recoverable on a takings claim. General Motors, 323 U.S. at 378.





Moreover, an interest that depends totally upon regulatory

licensing is not a property interest that is compensable under the takings

clause. Mitchell Arms, Inc. v. United States, 7 F.3d 212 (Fed. Cir. 1993).

Mitchell involved the federal government's revocation of import permits for

certain assault weapons after the plaintiff had signed contracts with a

foreign government to purchase such weapons for resale in this country.

The plaintiff claimed its investment-backed reliance on the permits constituted a

compensable property interest under the takings clause. The court found the

plaintiff's right to sell the weapons was not inherent in its ownership of them

because any sale depended upon government import permits. Similarly,

Mibbs's contractual right to the profits from cash payouts depends totally

upon regulatory licensing and is not inherent in its right to possess the

machines. Mibbs's interest in the contracts is therefore not a property

interest that is compensable as a taking.





Further, Mibbs signed the contracts after enactment of the

statute allowing for the local option referendum that ultimately prohibited

cash payouts. The continuing legality of cash payouts was therefore

completely speculative at the time the contracts were signed and Mibbs had

no "reasonable expectation" the contracts would retain their value for the

remainder of the five-year terms. We find no merit in Mibbs's contention

that a taking occurred when the statute providing for the local option

referendum was enacted in light of the fact no property right could have

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Mibbs, Inc. v. S.C. Dept. of Revenue





existed at that time since the contracts had not yet been signed.3





Mibbs has failed to allege a compensable taking and summary

judgment was properly granted on this cause of action.





Impairment of contract



A three-step analysis applies to a Contract Clause claim. First,

the Court must determine whether the State law has in fact operated as a

substantial impairment of a contractual relationship. If the State regulation

constitutes a substantial impairment, the State, in justification, must have a

significant and legitimate public purpose behind the regulation. Once a

legitimate public purpose has been identified, the next inquiry is whether

the adjustment of contractual rights is based upon reasonable conditions and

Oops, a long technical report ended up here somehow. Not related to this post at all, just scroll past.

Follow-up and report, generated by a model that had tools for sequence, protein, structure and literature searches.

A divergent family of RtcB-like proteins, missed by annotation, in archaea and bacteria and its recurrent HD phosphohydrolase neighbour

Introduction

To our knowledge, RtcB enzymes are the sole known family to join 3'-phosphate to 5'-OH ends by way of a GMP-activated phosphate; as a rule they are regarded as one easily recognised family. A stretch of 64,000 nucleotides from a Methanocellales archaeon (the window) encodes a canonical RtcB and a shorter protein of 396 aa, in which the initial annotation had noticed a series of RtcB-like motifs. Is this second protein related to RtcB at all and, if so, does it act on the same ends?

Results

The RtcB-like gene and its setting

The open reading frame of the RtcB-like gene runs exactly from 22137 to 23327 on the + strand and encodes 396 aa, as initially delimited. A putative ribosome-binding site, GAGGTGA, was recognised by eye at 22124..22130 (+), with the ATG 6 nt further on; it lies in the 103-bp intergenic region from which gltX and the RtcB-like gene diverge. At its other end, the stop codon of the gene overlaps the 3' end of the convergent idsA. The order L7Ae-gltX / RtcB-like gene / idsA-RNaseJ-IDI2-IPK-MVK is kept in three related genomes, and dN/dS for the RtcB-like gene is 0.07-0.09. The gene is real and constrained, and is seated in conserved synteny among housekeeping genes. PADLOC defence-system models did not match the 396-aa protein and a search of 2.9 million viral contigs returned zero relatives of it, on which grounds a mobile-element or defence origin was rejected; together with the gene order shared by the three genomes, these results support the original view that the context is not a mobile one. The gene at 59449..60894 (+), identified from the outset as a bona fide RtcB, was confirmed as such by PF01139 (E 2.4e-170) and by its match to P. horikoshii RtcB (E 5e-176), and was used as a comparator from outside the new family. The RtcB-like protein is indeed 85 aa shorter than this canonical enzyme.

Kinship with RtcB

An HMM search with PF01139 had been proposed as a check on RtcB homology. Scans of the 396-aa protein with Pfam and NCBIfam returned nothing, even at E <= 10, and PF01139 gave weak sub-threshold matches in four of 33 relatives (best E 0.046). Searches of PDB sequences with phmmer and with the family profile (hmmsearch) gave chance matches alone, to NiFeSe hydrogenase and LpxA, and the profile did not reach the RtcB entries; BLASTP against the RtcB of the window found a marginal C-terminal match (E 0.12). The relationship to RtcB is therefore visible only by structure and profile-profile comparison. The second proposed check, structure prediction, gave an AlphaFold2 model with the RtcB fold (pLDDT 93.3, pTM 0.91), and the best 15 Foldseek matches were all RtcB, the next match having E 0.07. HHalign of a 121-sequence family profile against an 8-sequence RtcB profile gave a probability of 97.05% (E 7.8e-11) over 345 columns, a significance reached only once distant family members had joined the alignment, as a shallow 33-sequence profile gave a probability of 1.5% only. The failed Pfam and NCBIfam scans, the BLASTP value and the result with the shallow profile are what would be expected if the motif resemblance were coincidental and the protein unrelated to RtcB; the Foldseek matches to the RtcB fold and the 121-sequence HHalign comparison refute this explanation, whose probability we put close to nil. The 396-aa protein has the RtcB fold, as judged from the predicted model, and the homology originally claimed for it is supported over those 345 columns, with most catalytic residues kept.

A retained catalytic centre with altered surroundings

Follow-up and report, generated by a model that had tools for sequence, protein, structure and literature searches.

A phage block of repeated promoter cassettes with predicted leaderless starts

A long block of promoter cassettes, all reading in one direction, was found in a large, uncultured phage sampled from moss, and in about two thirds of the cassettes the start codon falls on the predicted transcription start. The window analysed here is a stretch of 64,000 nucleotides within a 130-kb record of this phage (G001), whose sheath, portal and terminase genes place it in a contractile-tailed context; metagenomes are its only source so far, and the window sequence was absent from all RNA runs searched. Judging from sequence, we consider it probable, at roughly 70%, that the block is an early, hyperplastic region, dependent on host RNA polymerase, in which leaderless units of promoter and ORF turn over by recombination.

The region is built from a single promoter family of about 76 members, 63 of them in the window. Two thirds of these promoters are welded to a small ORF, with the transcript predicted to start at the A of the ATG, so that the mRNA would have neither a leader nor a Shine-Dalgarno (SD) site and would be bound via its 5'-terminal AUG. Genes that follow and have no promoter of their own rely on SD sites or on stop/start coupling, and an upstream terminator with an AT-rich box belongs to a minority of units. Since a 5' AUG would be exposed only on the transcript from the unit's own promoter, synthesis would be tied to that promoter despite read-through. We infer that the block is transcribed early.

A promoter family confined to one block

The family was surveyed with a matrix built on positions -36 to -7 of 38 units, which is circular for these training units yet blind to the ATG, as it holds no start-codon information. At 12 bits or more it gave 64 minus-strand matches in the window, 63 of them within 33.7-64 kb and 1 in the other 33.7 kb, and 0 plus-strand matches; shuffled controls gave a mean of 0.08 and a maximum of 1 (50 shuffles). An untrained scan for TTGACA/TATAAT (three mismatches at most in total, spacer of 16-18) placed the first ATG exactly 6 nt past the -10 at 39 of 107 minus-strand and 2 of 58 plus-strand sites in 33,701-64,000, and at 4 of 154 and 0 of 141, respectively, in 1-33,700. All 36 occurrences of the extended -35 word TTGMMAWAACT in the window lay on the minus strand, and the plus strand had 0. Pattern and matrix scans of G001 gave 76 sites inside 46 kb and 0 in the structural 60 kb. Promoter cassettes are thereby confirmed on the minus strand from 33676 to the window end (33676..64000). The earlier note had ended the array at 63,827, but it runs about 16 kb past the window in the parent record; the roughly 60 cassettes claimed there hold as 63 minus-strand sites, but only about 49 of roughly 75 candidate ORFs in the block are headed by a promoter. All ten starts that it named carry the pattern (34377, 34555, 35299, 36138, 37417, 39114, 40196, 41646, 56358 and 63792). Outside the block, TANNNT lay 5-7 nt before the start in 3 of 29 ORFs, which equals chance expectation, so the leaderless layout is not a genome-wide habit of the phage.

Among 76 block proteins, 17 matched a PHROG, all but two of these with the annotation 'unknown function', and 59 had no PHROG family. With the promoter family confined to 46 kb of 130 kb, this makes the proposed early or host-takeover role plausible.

is of a character appropriate to the public purpose. Energy Reserves Group,

Inc, v. Kansas Power and Light Co., 459 U.S. 400 (1983); see also Ken

Moorhead Oil Co. v. Federated Mut. Ins. Co., 323 S.C. 532, 476 S.E.2d 481

(1996); St. Andrews Pub. Serv. District v. Moseley, 323 S.C. 389, 475 S.E.2d

750 (1996).





Mibbs contends because the ban on cash payouts in Anderson

and Oconee counties was struck down by this Court as invalid, it is

unreasonable regulation and therefore unconstitutionally impaired Mibbs's

contracts.





This argument misapprehends the nature of the Contract Clause

analysis. The threshold inquiry is whether the State law has operated as a

substantial impairment of a contractual relationship. Energy Reserves, 459

U.S. at 411. We have specifically found no substantial impairment of a


3 Any oral agreement the parties may have had previous to the signing

of the contracts is irrelevant. Such an agreement would be unenforceable

under the Statute of Frauds. S.C. Code Ann. § 32-3-10 (1991) (agreement

not to be performed within the space of one year from its making not subject

to action for its enforcement). An unenforceable agreement cannot give rise

to any vested property right and therefore can be the basis of no takings

claim. See Barnhill v. City of North Myrtle Beach, 333 S.C. 482, 511 S.E.2d

361 (1999) (no taking where no vested right in property).

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Mibbs, Inc. v. S.C. Dept. of Revenue





contract where the subject of the contract is a highly regulated business

whose history makes further regulation foreseeable. Ken Moorhead Oil,

supra. In this case, further regulation regarding cash payouts was

foreseeable, especially in light of the fact Mibbs signed these contracts after

enactment of the law providing for the local option referendum.





Mibbs complains it could not foresee an invalid regulation of cash

payouts. The reasonableness of the regulation itself is irrelevant at this

point in the inquiry. For purposes of determining whether there was a

substantial impairment of contract, we consider whether the law in question

altered the reasonable expectations of the parties. Ken Moorehead Oil,

supra. At the time the contracts were signed, Mibbs could not have

reasonably expected no regulation would interfere with its profits from cash

payouts. Further, we note that in Martin v. Condon we struck down the ban

on cash payouts because it did not apply statewide, not because it was

substantively invalid regulation.





Moreover, there is no impairment for purposes of a Contract

Clause analysis where the statute does not affect a pre-existing contract

between private parties. Ogden v. Saunders, 25 U.S. (12 Wheat) 212 (1827);

American Nat'l Fire Ins. Co. v. Smith Grading and Paving Inc, 317 S.C.

445, 454 S.E.2d 897 (1995). Here, Mibbs's contracts were entered into after

enactment of the legislation it claims created the impairment.4 We conclude

the trial judge properly granted Department summary judgment on the

Contract Clause cause of action.





AFFIRMED.



Finney, C.J., Toal, A.J., Acting Associate Justices William T.

Howell and C. Tolbert Goolsby, Jr., concur.


4Again, any previous oral arrangement was unenforceable and bestows

no rights protected under the Contract Clause. See Miller v. Rowland, 999

F.2d 389 (9th Cir. 1993) (Contract Clause does not protect unenforceable

contract).